In this highly engaging book, all sorts of new revelations leap off the pages. We read about US scientists researching counterinsurgency strategies in the jungles of Vietnam and proposing data-driven solutions remarkably similar to those deployed by Cambridge Analytica today. We discover that, in the days of Cold War hysteria, a key motivation for ARPANET was to build a next-generation communications infrastructure which could survive nuclear war and enable the US to dominate its enemies, both abroad and at home. We note that the NSA, the Pentagon and other defence agencies were among the earliest entities to start using ARPANET. Even in the 1970s, commentators were questioning if this new technology could be used to spy on citizens and adapted into a “police instrument.”
Indeed, the NSA started online surveillance of US citizens in 1972, when it harnessed ARPANET’s revolutionary communication capabilities to build, for the very first time, national databases on ‘people of interest’ — notably civil rights leaders and activists protesting the Vietnam War. When the media found out, there was national outrage. Students organised vigorous protests on university campuses at MIT and Harvard where ARPANET nodes were deployed.
Levine works his way to modern times and then zooms in on the anonymity network Tor. He fixates on the obvious question: why would the US government fund a project which potentially undermines its own interests?
Levine rifles through archived emails to show that the US government’s committed engagement with Tor is not a humanitarian mission to empower activists, but rather to create a larger community of users — a camouflage of sorts — under which US spies can operate. In the words of Roger Dingledine, chief architect of the Tor network: “The United States government can’t simply run an anonymity system for everybody and then use it themselves only. Because then every time a connection came from it people would say, ‘Oh, it’s another CIA agent’ if those are the only people using the network.”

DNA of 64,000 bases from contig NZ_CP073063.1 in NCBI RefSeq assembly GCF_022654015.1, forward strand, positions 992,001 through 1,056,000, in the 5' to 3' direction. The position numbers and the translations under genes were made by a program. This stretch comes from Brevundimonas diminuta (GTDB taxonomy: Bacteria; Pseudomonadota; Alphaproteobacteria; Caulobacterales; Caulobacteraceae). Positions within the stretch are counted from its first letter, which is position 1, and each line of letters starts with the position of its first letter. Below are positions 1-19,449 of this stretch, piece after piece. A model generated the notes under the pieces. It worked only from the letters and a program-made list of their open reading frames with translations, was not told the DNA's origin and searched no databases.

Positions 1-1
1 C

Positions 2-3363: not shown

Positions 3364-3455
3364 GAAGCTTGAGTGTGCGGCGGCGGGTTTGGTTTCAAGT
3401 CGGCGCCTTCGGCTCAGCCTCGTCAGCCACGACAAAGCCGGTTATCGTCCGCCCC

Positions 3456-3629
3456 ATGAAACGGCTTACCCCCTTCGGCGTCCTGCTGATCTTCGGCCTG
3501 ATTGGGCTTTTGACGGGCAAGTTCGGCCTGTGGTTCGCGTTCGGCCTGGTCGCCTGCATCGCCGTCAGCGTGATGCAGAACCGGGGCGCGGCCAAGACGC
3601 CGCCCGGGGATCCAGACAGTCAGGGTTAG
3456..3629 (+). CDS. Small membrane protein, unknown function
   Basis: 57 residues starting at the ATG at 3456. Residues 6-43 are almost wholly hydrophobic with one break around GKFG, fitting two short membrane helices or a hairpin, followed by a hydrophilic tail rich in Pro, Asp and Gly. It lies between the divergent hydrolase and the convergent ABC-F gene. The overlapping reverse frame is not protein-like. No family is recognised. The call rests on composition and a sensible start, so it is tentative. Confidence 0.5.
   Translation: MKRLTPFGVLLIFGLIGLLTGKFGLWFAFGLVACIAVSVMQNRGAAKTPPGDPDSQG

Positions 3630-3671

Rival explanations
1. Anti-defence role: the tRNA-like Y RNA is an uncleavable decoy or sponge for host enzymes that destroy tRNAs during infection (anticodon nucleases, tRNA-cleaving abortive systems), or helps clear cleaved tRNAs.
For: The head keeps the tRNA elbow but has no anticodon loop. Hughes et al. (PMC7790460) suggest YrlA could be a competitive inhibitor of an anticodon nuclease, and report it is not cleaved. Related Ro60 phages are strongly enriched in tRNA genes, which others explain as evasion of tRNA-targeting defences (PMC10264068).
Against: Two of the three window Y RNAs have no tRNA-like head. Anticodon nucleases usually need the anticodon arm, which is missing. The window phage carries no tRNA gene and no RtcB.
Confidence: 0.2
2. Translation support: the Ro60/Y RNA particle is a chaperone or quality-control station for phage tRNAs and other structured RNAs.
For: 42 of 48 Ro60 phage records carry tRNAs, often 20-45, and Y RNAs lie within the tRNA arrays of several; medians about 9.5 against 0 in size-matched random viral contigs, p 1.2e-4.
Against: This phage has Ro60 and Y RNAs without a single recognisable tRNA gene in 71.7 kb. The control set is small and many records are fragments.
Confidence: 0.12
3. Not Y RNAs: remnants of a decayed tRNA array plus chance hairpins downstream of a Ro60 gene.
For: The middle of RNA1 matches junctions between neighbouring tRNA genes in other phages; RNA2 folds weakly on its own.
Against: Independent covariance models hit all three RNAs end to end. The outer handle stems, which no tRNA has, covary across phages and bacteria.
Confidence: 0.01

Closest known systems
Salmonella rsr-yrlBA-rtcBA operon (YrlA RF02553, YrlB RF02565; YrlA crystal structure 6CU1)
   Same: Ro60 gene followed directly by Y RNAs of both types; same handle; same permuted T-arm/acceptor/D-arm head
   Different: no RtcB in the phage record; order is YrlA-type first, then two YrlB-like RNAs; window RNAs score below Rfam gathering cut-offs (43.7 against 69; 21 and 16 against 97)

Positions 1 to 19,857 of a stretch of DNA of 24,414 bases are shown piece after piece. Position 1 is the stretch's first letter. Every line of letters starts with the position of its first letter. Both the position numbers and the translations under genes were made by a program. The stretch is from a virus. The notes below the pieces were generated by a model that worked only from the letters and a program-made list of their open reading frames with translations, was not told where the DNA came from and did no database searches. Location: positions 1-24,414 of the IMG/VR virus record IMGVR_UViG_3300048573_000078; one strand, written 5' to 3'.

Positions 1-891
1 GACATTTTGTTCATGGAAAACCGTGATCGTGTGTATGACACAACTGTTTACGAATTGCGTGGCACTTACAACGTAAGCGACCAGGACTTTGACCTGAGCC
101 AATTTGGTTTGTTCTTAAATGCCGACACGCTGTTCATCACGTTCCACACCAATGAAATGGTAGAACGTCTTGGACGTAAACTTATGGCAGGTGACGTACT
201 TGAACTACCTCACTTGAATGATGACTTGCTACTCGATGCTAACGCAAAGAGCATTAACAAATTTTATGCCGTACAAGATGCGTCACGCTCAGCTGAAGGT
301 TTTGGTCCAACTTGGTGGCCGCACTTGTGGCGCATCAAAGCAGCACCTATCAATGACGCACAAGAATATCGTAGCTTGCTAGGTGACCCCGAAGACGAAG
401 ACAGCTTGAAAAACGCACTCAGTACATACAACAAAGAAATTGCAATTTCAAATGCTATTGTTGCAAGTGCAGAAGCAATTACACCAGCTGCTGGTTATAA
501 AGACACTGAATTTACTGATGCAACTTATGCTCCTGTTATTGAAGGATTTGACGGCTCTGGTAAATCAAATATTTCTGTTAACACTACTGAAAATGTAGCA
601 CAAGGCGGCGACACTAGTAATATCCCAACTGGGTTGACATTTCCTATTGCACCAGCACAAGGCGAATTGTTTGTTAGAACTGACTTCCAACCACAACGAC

To build its user base, the Tor team launched an aggressive public relations campaign to sell the network as a key weapon in the heroic struggle for free speech and privacy. This is how Tor became an ‘activist’ thing.
Levine’s thesis is not to say that the internet was a grand conspiracy from the start and all the pioneers were actually villains. Rather, his main point is that throughout the internet’s development, the agencies were always there, working in parallel, to subvert this technology for their own nefarious purposes. And often enough, they succeeded. The internet may have liberated minds, enabled online commerce and myriad revolutionary applications, but it is at the same time an instrument of war, of control, of manipulation and coercion.
We should, therefore, not be too surprised with current trends: there is an ongoing race in Silicon Valley to drum up business with the US war machine. Google has landed a military contract to translate drone images into actionable intelligence. Amazon provides cloud services to the CIA. China is sectioning off the internet, censoring free speech and deploying the world’s largest civilian surveillance network.
In our own little corner of the world, phones are routinely tapped, social media crackdowns are common and bloggers and activists are regularly whisked away into the shadows. The Prevention of Electronic Crimes Act has been used to charge journalists making Facebook posts critical of the military and, behind the scenes our agencies are labouring hard to put together an NSA-style mass surveillance system.
Welcome to Surveillance Valley.
The reviewer is an assistant professor at the NUST School of Electrical Engineering and Computer Science
Surveillance Valley: The
Secret Military History of
By Yasha Levine
Published in Dawn, Books & Authors, July 29th, 2018